Spatial relationship between the atmospheric circulation and the precipitation measured in the western Swiss Alps by means of the analogue method
An adaptation technique based on the synoptic atmospheric circulation to
forecast local precipitation, namely the analogue method, has been
implemented for the western Swiss Alps. During the calibration procedure,
relevance maps were established for the geopotential height data. These maps
highlight the locations were the synoptic circulation was found of interest
for the precipitation forecasting at two rain gauge stations (Binn
and Les Marécottes) that are located both in the alpine Rhône
catchment, at a distance of about 100 km from each other. These two stations
are sensitive to different atmospheric circulations.
We have observed that the most relevant data for the analogue method can be found where specific atmospheric circulation patterns appear concomitantly with heavy precipitation events. Those skilled regions are coherent with the atmospheric flows illustrated, for example, by means of the back trajectories of air masses. Indeed, the circulation recurrently diverges from the climatology during days with strong precipitation on the southern part of the alpine Rhône catchment. We have found that for over 152 days with precipitation amount above 50 mm at the Binn station, only 3 did not show a trajectory of a southerly flow, meaning that such a circulation was present for 98% of the events.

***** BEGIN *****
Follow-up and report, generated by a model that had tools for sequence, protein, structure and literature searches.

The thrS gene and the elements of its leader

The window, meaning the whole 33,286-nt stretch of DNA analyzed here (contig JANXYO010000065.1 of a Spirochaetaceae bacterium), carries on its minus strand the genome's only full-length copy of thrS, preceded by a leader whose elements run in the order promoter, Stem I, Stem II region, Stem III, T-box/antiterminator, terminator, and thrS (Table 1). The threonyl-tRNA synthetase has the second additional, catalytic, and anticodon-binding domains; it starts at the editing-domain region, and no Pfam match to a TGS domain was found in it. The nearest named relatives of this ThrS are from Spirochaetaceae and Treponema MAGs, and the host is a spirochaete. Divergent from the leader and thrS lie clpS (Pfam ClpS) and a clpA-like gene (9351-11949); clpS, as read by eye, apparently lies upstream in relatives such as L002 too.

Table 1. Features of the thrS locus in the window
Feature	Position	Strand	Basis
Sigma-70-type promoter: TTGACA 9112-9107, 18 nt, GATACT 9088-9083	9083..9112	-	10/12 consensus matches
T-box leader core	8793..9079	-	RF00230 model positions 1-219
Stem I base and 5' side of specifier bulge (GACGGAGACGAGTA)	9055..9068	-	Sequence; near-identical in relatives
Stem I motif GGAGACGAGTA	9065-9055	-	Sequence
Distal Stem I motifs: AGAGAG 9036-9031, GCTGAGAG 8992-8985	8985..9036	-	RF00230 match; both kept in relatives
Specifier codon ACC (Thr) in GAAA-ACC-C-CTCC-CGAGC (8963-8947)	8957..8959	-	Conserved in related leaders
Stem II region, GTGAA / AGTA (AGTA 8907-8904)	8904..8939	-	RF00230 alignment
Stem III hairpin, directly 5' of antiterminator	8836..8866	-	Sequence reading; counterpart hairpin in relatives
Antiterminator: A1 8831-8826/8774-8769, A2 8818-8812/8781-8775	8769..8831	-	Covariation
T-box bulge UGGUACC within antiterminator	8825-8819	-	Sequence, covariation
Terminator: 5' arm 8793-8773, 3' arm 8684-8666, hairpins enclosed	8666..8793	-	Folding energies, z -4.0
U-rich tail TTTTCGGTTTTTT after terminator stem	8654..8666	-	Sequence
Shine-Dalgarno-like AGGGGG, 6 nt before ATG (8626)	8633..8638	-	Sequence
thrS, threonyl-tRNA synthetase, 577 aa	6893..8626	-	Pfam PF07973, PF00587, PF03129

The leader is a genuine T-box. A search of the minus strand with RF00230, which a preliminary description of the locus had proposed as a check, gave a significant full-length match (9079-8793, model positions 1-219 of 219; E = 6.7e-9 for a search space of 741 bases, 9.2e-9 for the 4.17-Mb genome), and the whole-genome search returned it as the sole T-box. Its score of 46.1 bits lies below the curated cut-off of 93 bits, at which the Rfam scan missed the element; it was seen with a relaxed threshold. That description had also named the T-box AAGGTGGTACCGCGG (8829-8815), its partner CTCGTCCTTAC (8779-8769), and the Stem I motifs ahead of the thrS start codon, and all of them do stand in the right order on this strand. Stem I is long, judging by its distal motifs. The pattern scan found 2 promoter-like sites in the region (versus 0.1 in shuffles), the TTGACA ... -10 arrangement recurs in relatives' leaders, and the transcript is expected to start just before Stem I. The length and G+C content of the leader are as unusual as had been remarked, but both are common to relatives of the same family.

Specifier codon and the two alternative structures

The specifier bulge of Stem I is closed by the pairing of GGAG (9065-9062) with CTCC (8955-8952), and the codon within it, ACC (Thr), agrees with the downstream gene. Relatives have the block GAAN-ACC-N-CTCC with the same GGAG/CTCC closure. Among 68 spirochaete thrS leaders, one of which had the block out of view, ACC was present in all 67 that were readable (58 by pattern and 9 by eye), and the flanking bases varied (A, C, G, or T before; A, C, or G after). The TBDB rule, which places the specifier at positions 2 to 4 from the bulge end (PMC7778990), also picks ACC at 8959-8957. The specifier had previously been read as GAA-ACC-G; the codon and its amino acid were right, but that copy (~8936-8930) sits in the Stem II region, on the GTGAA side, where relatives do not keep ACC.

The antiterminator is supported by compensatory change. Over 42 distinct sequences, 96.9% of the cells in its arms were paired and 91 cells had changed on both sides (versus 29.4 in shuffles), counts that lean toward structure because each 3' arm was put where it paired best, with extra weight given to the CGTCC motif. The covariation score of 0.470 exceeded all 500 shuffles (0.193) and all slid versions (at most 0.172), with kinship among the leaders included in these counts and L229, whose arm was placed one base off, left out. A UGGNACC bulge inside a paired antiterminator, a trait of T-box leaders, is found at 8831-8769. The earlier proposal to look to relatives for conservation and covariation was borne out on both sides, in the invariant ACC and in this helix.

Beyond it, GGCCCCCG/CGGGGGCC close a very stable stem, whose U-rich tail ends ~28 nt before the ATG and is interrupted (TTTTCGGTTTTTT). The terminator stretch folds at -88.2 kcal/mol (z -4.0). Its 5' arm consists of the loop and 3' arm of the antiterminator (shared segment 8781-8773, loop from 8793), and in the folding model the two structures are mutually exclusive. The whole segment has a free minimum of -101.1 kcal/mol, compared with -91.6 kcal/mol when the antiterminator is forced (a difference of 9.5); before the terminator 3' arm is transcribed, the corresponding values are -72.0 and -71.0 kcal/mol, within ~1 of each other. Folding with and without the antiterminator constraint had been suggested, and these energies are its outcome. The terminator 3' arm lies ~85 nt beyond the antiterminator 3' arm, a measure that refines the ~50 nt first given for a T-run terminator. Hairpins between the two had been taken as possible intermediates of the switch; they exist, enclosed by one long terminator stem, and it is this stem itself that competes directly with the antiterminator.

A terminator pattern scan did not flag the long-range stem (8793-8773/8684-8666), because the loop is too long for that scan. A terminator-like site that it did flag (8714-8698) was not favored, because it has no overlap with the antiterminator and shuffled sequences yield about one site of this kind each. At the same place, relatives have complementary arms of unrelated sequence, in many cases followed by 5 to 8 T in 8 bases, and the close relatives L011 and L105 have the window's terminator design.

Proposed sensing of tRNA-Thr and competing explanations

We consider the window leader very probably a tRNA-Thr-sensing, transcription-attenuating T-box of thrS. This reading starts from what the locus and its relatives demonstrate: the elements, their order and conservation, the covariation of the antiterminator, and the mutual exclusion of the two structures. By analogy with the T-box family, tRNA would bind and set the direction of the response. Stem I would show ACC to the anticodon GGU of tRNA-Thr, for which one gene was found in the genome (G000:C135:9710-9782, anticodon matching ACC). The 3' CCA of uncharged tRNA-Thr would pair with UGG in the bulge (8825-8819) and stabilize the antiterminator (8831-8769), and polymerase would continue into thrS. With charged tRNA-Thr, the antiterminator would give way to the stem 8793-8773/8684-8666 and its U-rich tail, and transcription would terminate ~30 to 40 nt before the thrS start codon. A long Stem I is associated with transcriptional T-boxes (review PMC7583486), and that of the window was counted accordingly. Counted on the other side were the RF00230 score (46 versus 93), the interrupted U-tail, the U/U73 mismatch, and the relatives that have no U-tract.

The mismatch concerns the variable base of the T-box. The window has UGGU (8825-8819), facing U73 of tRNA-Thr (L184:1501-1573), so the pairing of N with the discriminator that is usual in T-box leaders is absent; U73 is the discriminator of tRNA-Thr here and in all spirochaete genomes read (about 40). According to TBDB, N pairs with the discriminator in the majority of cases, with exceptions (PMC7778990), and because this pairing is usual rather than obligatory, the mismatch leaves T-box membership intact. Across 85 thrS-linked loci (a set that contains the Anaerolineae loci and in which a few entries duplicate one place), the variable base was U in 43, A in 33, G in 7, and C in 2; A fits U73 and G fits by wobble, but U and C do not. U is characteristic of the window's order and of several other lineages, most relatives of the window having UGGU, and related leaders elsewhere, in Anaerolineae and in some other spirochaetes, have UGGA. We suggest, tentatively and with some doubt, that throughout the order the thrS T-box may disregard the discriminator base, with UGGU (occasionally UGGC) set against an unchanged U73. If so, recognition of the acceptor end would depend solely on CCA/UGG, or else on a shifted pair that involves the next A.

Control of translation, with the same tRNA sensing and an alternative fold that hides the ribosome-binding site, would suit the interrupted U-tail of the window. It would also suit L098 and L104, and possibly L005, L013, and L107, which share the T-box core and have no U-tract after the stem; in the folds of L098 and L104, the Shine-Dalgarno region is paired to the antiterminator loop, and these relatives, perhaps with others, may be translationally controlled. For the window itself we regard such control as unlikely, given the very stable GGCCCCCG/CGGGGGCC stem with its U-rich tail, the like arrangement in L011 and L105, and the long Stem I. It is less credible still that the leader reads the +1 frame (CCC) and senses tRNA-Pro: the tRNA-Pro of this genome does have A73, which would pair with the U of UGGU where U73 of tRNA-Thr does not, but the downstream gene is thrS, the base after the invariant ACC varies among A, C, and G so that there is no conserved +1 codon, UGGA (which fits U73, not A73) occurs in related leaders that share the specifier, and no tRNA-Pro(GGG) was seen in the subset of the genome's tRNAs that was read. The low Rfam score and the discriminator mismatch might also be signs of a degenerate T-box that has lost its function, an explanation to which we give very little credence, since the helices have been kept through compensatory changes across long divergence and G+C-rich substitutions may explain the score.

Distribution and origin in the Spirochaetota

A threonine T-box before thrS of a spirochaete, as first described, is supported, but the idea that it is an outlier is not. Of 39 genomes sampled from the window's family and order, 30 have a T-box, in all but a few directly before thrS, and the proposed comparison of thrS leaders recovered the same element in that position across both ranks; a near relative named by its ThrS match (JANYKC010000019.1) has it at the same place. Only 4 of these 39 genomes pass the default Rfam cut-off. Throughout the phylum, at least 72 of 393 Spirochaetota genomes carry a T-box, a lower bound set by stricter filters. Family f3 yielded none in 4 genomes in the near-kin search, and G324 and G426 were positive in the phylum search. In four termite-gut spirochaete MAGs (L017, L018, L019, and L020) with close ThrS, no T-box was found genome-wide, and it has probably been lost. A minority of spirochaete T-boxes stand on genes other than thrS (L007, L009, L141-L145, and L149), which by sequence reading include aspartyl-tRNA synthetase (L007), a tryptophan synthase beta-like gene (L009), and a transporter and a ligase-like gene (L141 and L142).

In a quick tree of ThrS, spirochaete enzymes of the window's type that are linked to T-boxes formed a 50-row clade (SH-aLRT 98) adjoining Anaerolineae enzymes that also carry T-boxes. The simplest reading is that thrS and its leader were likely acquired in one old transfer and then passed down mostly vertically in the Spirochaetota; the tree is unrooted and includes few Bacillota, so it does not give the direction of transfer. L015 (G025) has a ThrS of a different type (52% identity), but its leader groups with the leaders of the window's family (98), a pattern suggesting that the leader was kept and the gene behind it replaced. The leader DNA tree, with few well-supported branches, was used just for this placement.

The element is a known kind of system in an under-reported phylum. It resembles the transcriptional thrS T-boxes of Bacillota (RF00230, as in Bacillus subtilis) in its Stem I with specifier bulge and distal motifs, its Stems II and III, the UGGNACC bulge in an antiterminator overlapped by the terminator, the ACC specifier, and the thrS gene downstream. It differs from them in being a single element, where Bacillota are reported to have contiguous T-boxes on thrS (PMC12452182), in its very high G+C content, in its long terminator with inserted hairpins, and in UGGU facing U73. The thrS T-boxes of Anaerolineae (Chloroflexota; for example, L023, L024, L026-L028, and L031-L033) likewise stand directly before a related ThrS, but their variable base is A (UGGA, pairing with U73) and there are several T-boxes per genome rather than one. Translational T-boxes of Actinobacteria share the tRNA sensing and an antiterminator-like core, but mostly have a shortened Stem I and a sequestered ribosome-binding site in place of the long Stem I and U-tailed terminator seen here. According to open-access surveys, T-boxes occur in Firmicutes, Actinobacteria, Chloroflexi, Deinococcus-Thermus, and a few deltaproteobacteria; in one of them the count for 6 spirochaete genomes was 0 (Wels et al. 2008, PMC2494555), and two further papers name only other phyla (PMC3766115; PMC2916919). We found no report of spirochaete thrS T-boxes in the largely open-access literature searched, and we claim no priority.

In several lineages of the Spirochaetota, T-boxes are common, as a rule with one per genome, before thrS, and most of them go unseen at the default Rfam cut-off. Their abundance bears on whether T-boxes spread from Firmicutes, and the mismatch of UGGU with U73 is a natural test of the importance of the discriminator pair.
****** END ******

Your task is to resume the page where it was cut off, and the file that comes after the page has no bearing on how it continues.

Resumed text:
Time evolution of the relevance maps confirms that the atmospheric circulation variables have significantly better forecasting skills close to the precipitation period, and that it seems pointless for the analogue method to consider circulation information days before a precipitation event as a primary predictor. Even though the occurrence of some critical circulation patterns leading to heavy precipitation events can be detected by precursors at remote locations and 1 week ahead (Grazzini, 2007; Martius et al., 2008), time extrapolation by the analogue method seems to be rather poor. This would suggest, in accordance with previous studies (Obled et al., 2002; Bontron and Obled, 2005), that time extrapolation should be done by the Global Circulation Model, which can process atmospheric variables that can be used by the adaptation method.